Why I like hanging out with this guy


I wish he lived in my neighborhood, but unfortunately we’re separated by 3,000 miles and more than 200 years.  However, books are powerful time travel machines.  2 minutes into a great book, I am right there; wherever there is, I’m living the hot-blooded adventure.

About 25 years ago I stumbled onto George Washington’s letters.  I scanned through a couple of them expecting to be either totally bored or put off by the old-fashioned writing.  That’s not what happened.  He swept me off my feet.


George wrote either by hand with a quill pen or dictated to a secretary who wrote with a quill pen.  The process of dipping your pen into ink and writing your thoughts out by hand lends itself to unhurried thoughtfulness.

Letters were considered an art form back then.  You were judged on your ability to express yourself, to reach your unseen reader, to provoke an intense intellectual response and evoke powerful emotions.  And, even more importantly, to ignite action.

George’s style of writing, coupled with his amazing character and personality, create a magic that feeds an inner part of my soul like no other writer.   I also love Thomas Jefferson’s writing and will save that for another blog.

Today is President’s Day, a day which always makes me bemoan the scarcity of knowledge in today’s society about our early presidents.  George is known as a military leader and president.  It’s not commonly known how profoundly skilled he was as a writer.

He spent most of the Revolutionary War writing letters – he wrote 20-30 each day.  He wrote way more than he fought.  In his lifetime he wrote approximately 20,000 letters.  He knew these letters were recording vital history and that they’d be preserved.

He wrote about honor, conduct, hardship, fortitude, strategy, necessity, love of ideals and leadership.  His letters are all eloquent and they take my breath away.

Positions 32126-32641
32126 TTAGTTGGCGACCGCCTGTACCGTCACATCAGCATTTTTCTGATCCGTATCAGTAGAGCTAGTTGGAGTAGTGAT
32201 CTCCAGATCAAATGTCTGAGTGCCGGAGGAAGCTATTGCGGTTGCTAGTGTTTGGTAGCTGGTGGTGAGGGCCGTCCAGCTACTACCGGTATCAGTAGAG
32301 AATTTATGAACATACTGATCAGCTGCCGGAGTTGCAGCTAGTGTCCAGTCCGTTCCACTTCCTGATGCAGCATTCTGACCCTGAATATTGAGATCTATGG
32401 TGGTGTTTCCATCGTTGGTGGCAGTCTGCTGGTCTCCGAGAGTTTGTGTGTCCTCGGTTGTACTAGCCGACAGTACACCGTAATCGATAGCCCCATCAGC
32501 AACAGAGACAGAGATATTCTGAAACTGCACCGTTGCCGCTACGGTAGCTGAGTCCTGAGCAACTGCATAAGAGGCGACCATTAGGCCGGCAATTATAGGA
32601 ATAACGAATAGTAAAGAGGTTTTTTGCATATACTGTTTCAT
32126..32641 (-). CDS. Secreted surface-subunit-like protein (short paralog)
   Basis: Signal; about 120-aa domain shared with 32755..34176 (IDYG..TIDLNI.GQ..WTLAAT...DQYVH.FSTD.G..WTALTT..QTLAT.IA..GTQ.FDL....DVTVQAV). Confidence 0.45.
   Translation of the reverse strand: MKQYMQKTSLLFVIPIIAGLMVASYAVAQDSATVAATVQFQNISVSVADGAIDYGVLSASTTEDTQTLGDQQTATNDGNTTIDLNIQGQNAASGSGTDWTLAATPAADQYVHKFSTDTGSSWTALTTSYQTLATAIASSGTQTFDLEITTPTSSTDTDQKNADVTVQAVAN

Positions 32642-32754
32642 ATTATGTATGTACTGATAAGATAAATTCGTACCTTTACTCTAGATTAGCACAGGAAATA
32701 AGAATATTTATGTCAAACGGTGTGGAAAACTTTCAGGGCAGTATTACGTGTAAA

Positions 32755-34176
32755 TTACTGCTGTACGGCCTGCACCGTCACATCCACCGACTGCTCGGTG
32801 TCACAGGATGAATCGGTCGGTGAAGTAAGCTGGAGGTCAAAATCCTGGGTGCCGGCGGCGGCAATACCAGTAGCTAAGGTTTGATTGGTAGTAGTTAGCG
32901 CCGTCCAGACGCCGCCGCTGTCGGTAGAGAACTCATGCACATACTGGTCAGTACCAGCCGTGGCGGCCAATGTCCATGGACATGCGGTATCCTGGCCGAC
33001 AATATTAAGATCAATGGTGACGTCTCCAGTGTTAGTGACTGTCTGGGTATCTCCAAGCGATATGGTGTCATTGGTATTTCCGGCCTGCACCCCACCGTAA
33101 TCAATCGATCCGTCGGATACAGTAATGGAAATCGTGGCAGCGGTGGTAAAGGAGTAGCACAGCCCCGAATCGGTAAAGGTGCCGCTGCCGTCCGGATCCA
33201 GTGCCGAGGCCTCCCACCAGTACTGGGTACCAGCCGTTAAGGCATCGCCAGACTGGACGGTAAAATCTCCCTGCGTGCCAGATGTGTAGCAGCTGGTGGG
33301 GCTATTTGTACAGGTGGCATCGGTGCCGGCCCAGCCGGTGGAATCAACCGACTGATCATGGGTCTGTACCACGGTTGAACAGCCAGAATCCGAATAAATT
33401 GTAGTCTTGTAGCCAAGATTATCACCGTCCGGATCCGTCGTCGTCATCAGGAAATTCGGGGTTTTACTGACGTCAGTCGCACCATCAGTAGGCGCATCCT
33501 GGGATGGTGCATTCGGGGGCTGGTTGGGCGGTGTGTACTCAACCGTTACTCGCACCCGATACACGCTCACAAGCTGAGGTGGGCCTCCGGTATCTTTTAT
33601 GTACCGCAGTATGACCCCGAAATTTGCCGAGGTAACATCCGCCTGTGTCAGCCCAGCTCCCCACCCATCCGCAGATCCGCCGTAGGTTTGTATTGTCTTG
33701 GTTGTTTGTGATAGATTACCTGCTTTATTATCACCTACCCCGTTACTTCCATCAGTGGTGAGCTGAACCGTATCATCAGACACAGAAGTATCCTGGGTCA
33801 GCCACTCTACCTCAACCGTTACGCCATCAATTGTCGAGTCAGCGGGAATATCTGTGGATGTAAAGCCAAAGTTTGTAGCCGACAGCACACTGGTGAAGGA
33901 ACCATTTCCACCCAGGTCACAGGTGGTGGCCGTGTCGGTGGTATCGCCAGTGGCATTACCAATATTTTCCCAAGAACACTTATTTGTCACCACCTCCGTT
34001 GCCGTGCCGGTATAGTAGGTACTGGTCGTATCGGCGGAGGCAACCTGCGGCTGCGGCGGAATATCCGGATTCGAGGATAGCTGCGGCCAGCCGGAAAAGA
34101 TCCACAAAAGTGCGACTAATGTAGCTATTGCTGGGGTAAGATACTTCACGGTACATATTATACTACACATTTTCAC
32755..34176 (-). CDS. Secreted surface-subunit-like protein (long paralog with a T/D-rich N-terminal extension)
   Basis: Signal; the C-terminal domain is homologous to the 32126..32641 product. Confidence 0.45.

I think if I received one letter today that was similar to one of his letters, I would simply pass out with joy.

I find reading him in the original is way better than reading about him.  You can think of a good friend – would you rather have them talk to you directly or have someone else tell you what they said?

George had a beautiful relationship with his wife, Martha (whom he called Patsy).  They exchanged many letters but he instructed her to burn their correspondence after his death because it was too personal and intimate to be shared.  Only two letters to Martha survive.  The first is when he is telling her he won’t be coming home to Virginia from Philadelphia because he’s been named Commander of the American Army and he’s going north.  He writes:

“You may believe me, my dear Patsy, when I assure you, in the most solemn manner, that, so far from seeking this appointment, I have used every endeavor in my power to avoid it, not only from my unwillingness to part with you and the Family, but from a consciousness of its being a trust too great for my Capacity, and that I should enjoy more real happiness and felicity in one month with you, at home, than I have the most distant prospect of reaping abroad, if my stay was to be Seven times Seven years.”

Isn’t it amazing to read something from an age where they not only didn’t stress short sentences, but you had the freedom to fully express yourself in one of them?  I adore the long sentences of that time.  They take you on an emotional journey, each one.

I love hanging out with George Washington.  His letters nourish my fiery passion for ideals, courage, leadership and most importantly, character.  He really understood character.  On this special day dedicated to him, I’m going to curl up with a fabulous cup of tea, some good music and his speech to his officers in New York in 1781, the speech that put tears in all eyes in the room.



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